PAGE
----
After three hours of prep, the engine was ready to go! I climbed up into the cab and learned how to start and stop the engine, then practiced this while we were still in the railyard.

The primary controls are the throttle and the brake. The throttle is a squeeze lever with many (~20) detents. Bouncing along, it requires some fine eye-hand coordination to move it precisely to the desired notch. It, too, is backwards from the throttle on an airplane: moving it out (towards you) gives you more steam, not less!

The brake is a smaller handle, easier to manipulate. If you want to slow down, you move it to a setting that allows compressed air into the brake cylinders, pressing the brake shoes against the wheels. You monitor how much brake you are applying through a pressure gauge. Then you move the handle the other direction to release the compressed air (you can hear it hiss out) and the wheels resume unimpeded motion.

The massive locomotive responds slowly to control changes, so both controls are best applied with careful anticipation of the upcoming track – its grade, any curves, preparation for tunnels, etc.

There is also a reversing lever that is mounted vertically in the floor. As one of my books warns, “A strong arm is needed for the reversing lever!” It has a more subtle effect on locomotion by altering the amount of steam that gets into the piston cylinders on each stroke. You want it set full forward to get moving, then back it off for “cruise” to achieve more efficient operations.

And we were off! We left the railyard and climbed a gentle hill. We went through two tunnels and several road crossings. For each crossing, I blew the whistle – LONG LONG short LONG! Mike, our fireman, was busy shoveling coal as needed, injecting more water into the boiler, and ringing the bell through all crossings as well. What a delightful noise!

We used a GPS-based speedometer to track our speed, which stopped working each time we went into a tunnel. However, after a while you get a feel for speed based on the sound of the pistons (and such a lovely sound it is). Pistons mounted on each side provide the driving power for the large wheels. Each wheel gets driven twice per rotation (unlike engines in cars, airplanes, etc.):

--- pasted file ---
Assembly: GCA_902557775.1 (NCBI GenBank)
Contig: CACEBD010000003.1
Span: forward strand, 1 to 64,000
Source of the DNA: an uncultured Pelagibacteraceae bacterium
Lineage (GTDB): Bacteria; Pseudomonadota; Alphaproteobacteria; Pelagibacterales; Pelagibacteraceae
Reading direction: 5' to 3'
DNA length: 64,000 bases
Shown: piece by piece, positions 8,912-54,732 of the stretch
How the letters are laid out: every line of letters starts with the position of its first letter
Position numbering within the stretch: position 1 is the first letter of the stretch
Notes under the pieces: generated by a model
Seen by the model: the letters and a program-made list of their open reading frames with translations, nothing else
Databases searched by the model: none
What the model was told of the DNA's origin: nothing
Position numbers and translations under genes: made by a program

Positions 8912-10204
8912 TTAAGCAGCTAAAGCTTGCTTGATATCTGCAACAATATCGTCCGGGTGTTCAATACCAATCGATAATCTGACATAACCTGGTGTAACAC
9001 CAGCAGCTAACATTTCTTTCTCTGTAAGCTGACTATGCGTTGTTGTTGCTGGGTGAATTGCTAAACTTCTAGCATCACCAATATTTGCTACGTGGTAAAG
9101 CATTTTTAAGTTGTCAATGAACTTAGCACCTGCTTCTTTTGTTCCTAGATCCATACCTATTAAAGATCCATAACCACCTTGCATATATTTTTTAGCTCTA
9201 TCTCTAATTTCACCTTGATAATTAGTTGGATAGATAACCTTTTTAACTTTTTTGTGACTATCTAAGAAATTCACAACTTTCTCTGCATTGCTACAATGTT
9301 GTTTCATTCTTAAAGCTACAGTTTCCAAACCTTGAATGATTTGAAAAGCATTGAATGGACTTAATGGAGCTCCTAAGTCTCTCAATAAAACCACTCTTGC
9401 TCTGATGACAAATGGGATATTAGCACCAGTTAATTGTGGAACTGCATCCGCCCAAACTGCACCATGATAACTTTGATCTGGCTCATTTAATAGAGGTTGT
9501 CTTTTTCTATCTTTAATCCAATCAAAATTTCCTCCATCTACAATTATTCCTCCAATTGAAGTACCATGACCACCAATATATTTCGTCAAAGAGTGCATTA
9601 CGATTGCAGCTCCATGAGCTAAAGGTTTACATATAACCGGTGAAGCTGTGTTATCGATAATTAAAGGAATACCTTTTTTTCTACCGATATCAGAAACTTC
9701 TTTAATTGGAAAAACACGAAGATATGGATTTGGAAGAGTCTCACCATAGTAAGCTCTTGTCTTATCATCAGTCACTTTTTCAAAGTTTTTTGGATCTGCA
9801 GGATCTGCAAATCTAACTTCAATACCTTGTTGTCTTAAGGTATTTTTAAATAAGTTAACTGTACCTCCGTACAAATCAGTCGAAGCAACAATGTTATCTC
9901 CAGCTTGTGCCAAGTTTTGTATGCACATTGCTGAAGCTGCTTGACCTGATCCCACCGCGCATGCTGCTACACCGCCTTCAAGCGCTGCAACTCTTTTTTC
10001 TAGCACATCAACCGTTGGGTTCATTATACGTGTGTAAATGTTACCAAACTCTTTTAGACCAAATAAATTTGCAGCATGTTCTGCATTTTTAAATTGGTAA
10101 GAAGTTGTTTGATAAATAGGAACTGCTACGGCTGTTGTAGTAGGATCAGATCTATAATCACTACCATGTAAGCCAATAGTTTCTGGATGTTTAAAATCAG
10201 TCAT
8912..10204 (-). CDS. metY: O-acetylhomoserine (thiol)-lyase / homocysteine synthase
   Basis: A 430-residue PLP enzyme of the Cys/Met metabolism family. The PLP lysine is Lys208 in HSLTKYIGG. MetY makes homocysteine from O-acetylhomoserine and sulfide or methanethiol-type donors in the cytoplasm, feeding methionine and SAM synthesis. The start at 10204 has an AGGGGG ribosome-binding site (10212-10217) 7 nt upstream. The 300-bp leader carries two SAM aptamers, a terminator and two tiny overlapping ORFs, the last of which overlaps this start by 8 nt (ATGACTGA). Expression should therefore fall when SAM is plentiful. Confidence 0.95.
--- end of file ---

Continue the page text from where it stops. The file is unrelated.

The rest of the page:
In addition, the left and right wheels are offset in phase so that one side gets maximal torque when the other is at minimum (end of its stroke). So what you hear is CHUFF-chuff-chuff-chuff as the pistons go right-forward, left-forward, right-back, left-back, for a smooth continuous overall motion.

At the top of the hill, I gave the controls over to John, the engineer who was training me, and he traced our way through a “wye” (track set up to enable a three-point turn by an engine), which got us set up to return back downhill.

We then continued back down the hill to return to the railyard. The whole trip took about an hour and 15 minutes. After the initial learning curve, it got very comfortable to roll along and listen and respond to the chuff of the pistons as needed. My mind quieted and I filled up with the pure joy of the moment. What an overwhelming experience!


Me driving Number 40

Thank you to Richard Ondrovic for taking these fantastic photos!

A new use for human corpses

Here’s a neat idea – use composting techniques to take care of our own dead bodies.

In this TED talk, Katrina Spade makes a compelling argument for a new way of managing the corpse part of dying. I’ve long been a fan of cremation over burial, for the reasons she explains, but she also makes good points about the downside of how cremation consumes a lot of energy and generates, effectively, human ash pollution.